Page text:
Recently, Pete installed an electrical water softener. It's very different from the normal water softener systems you see in many homes which usually require large tanks and a constant supply of salt. Pete simply formed two coils by winding the two flexible copper ribbon cables around the main water line coming into the cabin then connected power to the control unit. This device works by creating large electromagnetic pulses using the capacitive effect between the two coils. The water flowing through the pipe between the coils becomes part of the dielectric which exposes all of the ions in the water to the large, high frequency back and forth pulses. This breaks apart the calcium and magnesium (lime scale) molecules which cause water to become "hard". In a typical water softener system, the lime scale is removed from the water through a process called ion exchange which simply replaces the calcium-magnesium ions with sodium ions. These systems physically remove the calcium and magnesium from the water and replaces them with salt, while our system does not alter the water composition. It is the spiney shape of the lime scale molecules which cause them to cling to things and cause build up on fixtures, staining sinks and showers, and also prevents soap from working as well. So by merely changing the shape of the molecules we can get all the same benefits of the large salt-based systems in a much simpler and easier to install package which requires virtually no maintenance. We have been very happy with the performance of this device and can clearly feel a difference in the water. However, this is only the first stage in what will become a much more complicated water treatment system. We still need to deal with the iron, which has begun staining the shower, toilet, and our clothes, and also need a system for reliably removing the arsenic before we will be able to safely drink the water.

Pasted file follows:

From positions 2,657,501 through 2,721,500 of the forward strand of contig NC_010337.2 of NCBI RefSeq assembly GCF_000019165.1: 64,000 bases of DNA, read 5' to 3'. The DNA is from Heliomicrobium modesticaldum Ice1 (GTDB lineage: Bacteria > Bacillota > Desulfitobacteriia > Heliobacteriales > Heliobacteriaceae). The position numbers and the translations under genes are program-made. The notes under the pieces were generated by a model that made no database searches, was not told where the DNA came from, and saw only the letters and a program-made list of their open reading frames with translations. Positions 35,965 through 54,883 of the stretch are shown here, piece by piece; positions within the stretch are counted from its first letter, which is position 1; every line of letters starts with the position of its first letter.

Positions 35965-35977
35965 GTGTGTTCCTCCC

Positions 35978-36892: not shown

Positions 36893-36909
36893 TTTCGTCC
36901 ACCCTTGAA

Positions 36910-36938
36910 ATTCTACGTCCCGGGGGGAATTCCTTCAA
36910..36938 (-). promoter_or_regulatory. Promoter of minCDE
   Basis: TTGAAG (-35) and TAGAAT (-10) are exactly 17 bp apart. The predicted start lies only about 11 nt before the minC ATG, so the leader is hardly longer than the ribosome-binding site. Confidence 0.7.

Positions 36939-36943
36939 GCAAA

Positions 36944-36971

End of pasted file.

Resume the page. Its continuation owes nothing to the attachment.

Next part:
It has been a cozy winter here at the cabin. The local moose come and go all over the property. This hasn't been a good winter so far to view the Northern Lights, though we are hopeful to see some in February. The snow here is so light and fluffy. It doesn't blow and drift like in the Midwest. And just like the unusual summer, the recent winter weather has set some record lows. We have been in a below-zero cold snap since the new year. We've also experienced some winter challenges with getting the truck stuck (my mighty Subaru pulled it out of the mud and snow twice!), generator pull cord breaking, the 4-wheeler working off and on, the vehicles having a difficult time in the cold, no dry & warm garage to store cars, no dry wood and continuing on other cabin projects, but we have met each challenge with a sustainable solution and continue with our successes! The dark Alaskan winter days haven't bothered us one bit! The shortest day of the year in December gave us about 5 hours of sunlight. The shorter days are in our rear view as the days get longer and longer. We keep busy with our daughter, cabin goals and future homestead plans. Onward!
Hello, I am Melissa, owner of Wild North Design. Recently, my husband and I decided to pick up and move to Alaska. This dream has been a couple years in the making and we are enjoying the journey so far. We love to learn and make all kinds of things. From wood craft, to painting, to vehicles, landscaping, building, exploring...we love it all! We are finding out that Alaska is a great fit for our restless minds and bodies! Excited for what the future holds for our expanding family!